From California to New York, legislative bodies across the United States are considering eliminating or reducing the surcharges that banks impose on non-customers, who make $10 million in withdrawals from other banks' ATM machines. On average, non-customers earn a wage of $20 per hour and pay ATM fees of $2.75 per transaction. It is estimated that banks would be willing to maintain services for 4 million transactions at $0.75 per transaction, while non-customers would attempt to conduct 16 million transactions at that price. Estimates suggest that, for every 1 million gap between the desired and available transactions, a typical consumer will have to spend an extra minute traveling to another machine to withdraw cash.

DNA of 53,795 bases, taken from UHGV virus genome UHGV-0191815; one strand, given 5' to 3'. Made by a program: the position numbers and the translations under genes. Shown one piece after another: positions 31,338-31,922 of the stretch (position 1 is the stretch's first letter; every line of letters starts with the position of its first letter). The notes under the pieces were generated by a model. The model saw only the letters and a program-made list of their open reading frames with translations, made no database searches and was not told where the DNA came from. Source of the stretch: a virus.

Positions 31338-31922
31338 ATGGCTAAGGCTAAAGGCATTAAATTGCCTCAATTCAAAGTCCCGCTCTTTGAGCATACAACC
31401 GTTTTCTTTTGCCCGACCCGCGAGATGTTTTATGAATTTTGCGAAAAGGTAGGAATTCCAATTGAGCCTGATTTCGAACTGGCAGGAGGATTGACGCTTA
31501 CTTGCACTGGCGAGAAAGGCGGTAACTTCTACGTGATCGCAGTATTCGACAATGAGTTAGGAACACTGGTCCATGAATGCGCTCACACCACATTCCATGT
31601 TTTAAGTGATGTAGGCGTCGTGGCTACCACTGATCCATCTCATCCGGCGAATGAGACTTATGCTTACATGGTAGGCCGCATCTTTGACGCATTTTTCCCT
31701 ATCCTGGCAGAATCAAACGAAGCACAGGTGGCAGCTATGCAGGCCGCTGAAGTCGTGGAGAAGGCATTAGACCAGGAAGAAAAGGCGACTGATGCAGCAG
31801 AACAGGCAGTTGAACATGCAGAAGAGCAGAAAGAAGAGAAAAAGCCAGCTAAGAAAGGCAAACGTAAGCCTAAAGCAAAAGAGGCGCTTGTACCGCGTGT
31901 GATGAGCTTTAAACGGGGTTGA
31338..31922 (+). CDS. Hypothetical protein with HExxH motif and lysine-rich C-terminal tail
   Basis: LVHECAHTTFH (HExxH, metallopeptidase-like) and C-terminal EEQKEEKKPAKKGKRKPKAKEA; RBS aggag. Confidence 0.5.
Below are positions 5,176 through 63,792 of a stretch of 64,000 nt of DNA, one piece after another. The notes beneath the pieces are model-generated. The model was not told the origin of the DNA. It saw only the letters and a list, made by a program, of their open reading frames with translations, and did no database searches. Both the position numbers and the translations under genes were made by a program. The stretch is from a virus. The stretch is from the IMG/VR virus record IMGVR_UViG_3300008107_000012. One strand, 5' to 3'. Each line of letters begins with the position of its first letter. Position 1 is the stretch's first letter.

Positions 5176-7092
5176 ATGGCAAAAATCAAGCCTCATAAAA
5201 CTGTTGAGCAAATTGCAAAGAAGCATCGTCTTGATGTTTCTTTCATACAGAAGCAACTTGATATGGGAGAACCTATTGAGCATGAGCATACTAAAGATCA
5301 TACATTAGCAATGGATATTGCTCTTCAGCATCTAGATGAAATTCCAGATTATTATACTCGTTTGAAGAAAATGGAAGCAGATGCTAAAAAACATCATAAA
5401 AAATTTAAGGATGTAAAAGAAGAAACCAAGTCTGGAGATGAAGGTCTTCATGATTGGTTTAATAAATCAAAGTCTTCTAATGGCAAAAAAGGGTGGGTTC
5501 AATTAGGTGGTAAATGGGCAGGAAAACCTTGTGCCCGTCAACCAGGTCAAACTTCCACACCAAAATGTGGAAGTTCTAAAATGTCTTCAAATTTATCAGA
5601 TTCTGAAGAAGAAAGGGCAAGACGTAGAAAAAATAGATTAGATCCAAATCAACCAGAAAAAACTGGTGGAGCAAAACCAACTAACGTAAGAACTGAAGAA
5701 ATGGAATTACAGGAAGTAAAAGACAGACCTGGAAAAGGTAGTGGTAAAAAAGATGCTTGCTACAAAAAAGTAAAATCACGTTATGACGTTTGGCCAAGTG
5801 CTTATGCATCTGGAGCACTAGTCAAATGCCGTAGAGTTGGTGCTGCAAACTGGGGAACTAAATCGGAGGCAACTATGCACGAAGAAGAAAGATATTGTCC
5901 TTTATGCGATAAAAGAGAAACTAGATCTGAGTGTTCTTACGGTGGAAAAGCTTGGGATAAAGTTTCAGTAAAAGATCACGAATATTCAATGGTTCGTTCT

Based on this information, what would be the non-pecuniary cost of legislation that would place a $0.75 cap on the fees banks can charge for non-customer transactions?
Instructions: Round your answer to the nearest penny (2 decimal places).
What would be the full economic price of this legislation?
See the attached file. Note that equilibrium is where supply and demand curves intersect, without market interference. With the price ceiling, a shortage is created.
Non-pecuniary prices are based on non-monetary value to consumers of having to look for another machine. This is the value ...
Graphing to determine the the economic and non-pecuniary cost of a price ceiling on the price of ATM transactions.